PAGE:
The second-generation Isuzu Impulse never got enough love. It was cheap, but not quite cheap enough. It was sporty, but not quite sporty enough, especially compared to the competition from Honda or Toyota. Isuzu was more of a truck brand than a car brand, and no one turned to them for a sports coupe. They were also under GM ownership so even the badge-engineered twin, the Geo Storm, had a bigger US presence than the Impulse.
In Japan, the Impulse was called the Piazza and, like the Giugiaro-penned first-gen, marketed for its European Styling. We suppose it does look kind of like a modern Lancia Beta Montecarlo, which is cool. In their July 1990 review, Motorweek was not a fan of the front-end styling, which they deemed too 80s. Those half-exposed headlights look pretty nice today.
The test car Motorweek reviewed was an XS trim, which cost $13,954 (a base Impulse started at $11,999). It came with a naturally aspirated 16-valve, 1.6-liter twin-cam four making 130 horsepower. That yielded a not-so-peppy 0-60 time of 9.2 seconds. It’s too bad they didn’t wait a year to test the RS, which would have added a AWD, a turbo and 30 horsepower.
However, when it came to non-linear performance, Motorweek found the Impulse with an unexpected spring in its step. Steering response was good, and Motorweek called the stick shift a “joy” (though they found the clutch mushy). It behaved more like a rear-wheel-drive car than a front-driver. The nose tucked and the tail stepped out in hard cornering, but on highways it kept a composed and smooth ride. They even got the outside rear wheel to lift on a slalom course but the car was never unsettled. That’s because it wore a little green badge that said “Handling by Lotus.” Both companies were under GM ownership at the time, and it was a rare instance when those corporate synergies actually synergized.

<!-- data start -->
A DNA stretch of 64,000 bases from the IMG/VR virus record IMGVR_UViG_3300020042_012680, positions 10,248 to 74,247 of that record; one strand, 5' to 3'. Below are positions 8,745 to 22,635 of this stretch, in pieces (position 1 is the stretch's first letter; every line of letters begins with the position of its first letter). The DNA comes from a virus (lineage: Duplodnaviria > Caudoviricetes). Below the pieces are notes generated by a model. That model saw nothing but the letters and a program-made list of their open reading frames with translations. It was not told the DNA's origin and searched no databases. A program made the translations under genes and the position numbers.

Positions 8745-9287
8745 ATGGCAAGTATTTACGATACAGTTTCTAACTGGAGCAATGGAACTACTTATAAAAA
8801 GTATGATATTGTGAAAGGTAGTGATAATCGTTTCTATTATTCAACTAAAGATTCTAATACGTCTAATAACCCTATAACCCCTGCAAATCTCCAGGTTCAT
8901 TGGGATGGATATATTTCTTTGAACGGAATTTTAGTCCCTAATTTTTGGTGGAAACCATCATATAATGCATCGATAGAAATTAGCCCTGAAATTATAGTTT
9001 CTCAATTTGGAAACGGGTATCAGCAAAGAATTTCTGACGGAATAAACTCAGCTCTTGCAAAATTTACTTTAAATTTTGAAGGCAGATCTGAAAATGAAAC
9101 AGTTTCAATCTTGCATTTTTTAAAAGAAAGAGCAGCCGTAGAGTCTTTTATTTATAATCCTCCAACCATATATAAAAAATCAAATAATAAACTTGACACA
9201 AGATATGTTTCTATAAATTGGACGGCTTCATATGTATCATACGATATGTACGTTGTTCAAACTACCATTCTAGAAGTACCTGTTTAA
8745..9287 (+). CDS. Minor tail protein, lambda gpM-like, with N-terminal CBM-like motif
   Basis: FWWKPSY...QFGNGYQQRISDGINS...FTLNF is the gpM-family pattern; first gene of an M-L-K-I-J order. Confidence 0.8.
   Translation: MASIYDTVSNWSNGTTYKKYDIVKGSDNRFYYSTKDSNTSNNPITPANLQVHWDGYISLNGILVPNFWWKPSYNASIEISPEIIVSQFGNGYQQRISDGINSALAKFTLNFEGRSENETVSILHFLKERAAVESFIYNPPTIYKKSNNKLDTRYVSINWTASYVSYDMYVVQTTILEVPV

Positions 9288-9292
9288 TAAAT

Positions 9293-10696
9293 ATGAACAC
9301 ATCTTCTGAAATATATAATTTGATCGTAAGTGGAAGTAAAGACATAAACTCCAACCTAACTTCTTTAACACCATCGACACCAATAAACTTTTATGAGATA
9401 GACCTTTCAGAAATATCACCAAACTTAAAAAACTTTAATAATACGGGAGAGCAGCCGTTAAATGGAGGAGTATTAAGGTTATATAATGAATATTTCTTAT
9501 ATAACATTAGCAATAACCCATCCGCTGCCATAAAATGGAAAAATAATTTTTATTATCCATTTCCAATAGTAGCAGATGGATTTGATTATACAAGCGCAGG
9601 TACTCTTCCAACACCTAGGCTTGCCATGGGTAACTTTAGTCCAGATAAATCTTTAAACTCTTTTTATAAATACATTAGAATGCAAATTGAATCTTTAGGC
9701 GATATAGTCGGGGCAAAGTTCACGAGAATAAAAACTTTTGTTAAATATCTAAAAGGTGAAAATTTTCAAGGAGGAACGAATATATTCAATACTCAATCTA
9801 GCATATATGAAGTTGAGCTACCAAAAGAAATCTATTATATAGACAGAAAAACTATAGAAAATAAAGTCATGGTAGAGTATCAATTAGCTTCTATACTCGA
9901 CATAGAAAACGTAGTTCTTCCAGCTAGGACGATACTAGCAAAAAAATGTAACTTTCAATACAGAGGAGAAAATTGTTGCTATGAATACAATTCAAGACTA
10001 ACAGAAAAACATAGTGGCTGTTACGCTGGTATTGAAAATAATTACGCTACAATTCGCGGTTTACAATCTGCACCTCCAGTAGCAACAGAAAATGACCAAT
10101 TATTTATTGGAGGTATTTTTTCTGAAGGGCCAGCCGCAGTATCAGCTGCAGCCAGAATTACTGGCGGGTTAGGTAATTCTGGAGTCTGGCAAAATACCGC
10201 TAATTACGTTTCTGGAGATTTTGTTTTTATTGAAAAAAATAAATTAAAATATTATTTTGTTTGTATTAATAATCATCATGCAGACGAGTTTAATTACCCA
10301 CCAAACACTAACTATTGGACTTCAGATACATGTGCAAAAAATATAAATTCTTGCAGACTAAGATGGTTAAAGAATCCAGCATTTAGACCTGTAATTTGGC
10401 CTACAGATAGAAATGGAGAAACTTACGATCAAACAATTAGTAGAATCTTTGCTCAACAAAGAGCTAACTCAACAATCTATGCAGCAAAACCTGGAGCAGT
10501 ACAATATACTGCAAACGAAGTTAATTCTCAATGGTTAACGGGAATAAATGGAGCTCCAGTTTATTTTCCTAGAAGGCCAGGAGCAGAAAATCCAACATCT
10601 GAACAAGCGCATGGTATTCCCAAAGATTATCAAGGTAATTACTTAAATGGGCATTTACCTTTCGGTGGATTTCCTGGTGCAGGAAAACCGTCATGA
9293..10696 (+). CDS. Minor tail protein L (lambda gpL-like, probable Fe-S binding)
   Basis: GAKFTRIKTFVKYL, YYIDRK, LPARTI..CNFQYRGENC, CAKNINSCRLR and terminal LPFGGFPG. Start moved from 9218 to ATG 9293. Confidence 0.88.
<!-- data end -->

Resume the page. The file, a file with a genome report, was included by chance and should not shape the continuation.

The interior looked dreadfully cheap though, even by 90s standards. The plastic was dull and the buttons hollow-sounding. The dash and seats had zero design, and even instrument gauges were just black discs with the most spartan markings imaginable. The Impulse XS was rated at 26 city, 34 highway mpg, so it had pretty decent fuel economy for its time.
It’s sad that Isuzu had to withdraw from the US market. If it had hung on for a few more decades, its reputation as an truck brand may have saved it in these SUV-happy times. We can’t even remember the last time we saw a second-gen Impulse in real life. It’s too bad, because it seems like the kind of car that, even with its shortcomings, would be an interesting drive today.